5. Measurability:

Impact measurement requires a clear understanding of the impact goal, providing a link between measurability and intentionality. To correctly measure impact, outcomes should be adjusted for effects that others achieve (alternative attribution), effects that would happen anyway (deadweight), negative consequences (displacement), and effects that decline over time (drop-off).

Measurement and assessment always entail valuation by preparers/senders as well as receivers of performance information. No matter how much data is collected and how ‘objective’ the data presumably is, the decision to collect specific data as well as the choice of indicators are value judgements. Accordingly, measurement choice, data acquisition and interpretation of results should be embedded in a multistakeholder process.

6. Attribution:

Finally, attribution is perhaps the most abstract concept in impact investing. It is about attributing the impact to a specific ‘source’ or actor, making it possible to understand who was responsible and thus who should be rewarded for the change.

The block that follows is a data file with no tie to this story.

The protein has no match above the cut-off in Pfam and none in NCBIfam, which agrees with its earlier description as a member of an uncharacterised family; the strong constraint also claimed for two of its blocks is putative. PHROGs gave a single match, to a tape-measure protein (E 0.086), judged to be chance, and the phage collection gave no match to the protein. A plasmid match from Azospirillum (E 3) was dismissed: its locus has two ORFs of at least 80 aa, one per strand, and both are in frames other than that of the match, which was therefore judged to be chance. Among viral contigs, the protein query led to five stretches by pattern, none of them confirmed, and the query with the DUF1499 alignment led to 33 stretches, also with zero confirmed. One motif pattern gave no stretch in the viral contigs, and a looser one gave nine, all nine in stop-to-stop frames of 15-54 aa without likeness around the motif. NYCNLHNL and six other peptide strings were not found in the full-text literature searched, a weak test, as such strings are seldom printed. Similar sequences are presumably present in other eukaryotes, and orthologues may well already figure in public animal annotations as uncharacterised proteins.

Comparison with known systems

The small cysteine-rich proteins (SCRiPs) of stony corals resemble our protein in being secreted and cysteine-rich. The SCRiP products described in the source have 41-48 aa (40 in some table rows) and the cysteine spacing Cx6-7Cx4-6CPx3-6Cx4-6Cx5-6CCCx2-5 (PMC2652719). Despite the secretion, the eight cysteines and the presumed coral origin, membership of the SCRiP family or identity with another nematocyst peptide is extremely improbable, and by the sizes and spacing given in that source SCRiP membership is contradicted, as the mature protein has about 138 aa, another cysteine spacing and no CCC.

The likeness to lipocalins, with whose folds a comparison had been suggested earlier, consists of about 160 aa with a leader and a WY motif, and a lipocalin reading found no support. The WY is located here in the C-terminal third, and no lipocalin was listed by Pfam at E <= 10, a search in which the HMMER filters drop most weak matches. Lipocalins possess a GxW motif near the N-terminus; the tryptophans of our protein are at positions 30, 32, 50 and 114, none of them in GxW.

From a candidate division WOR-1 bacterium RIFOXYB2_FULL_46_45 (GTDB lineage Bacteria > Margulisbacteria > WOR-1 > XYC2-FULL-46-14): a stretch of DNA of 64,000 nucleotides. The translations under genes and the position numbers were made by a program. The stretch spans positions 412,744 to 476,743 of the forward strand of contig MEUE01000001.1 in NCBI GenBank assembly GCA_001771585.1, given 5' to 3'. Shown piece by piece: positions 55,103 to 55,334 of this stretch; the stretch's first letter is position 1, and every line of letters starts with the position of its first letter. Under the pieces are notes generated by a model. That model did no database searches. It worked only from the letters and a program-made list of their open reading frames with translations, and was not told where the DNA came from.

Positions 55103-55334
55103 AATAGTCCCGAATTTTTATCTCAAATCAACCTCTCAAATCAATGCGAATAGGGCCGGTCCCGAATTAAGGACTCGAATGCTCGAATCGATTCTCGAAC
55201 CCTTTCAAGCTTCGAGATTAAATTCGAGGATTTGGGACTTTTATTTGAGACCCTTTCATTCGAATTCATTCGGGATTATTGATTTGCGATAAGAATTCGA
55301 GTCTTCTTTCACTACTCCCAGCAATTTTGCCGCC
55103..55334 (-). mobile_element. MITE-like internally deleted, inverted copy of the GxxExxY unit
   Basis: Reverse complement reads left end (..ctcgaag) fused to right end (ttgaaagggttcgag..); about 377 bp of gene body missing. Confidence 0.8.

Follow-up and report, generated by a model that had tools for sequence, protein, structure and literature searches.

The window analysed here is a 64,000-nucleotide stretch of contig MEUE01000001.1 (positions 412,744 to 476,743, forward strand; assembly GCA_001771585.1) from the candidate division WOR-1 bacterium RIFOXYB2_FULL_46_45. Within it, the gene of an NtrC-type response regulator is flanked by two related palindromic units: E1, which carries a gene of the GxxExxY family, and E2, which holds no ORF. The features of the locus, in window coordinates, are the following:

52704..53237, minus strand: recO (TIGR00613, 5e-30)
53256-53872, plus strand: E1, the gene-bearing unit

These findings have important implications for policymaking and practice. The EU Sustainable Finance Disclosure Regulation (SFDR) introduces various disclosure-related requirements for financial market participants and financial advisors across the entity, service and product levels. The new EU rules aim to ensure transparency and comparability for pre-defined ESG metrics within the financial markets while curbing abuses such as impact washing. Understanding the various dimensions of impact investing can help structure stakeholder conversations, indicating where tensions are likely to occur and where best practices can be used to advance the industry into mainstream financial markets.

The full collection of papers included in the special issue can be found here.

For more information:

Hockerts, K., Hehenberger, L., Schaltegger, S., & Farber, V. (2022). Defining and Conceptualizing Impact Investing: Attractive Nuisance or Catalyst?. Journal of Business Ethics, 1-14. Available at: https://link.springer.com/article/10.1007/s10551-022-05157-3

Guest Contribution from SL4SF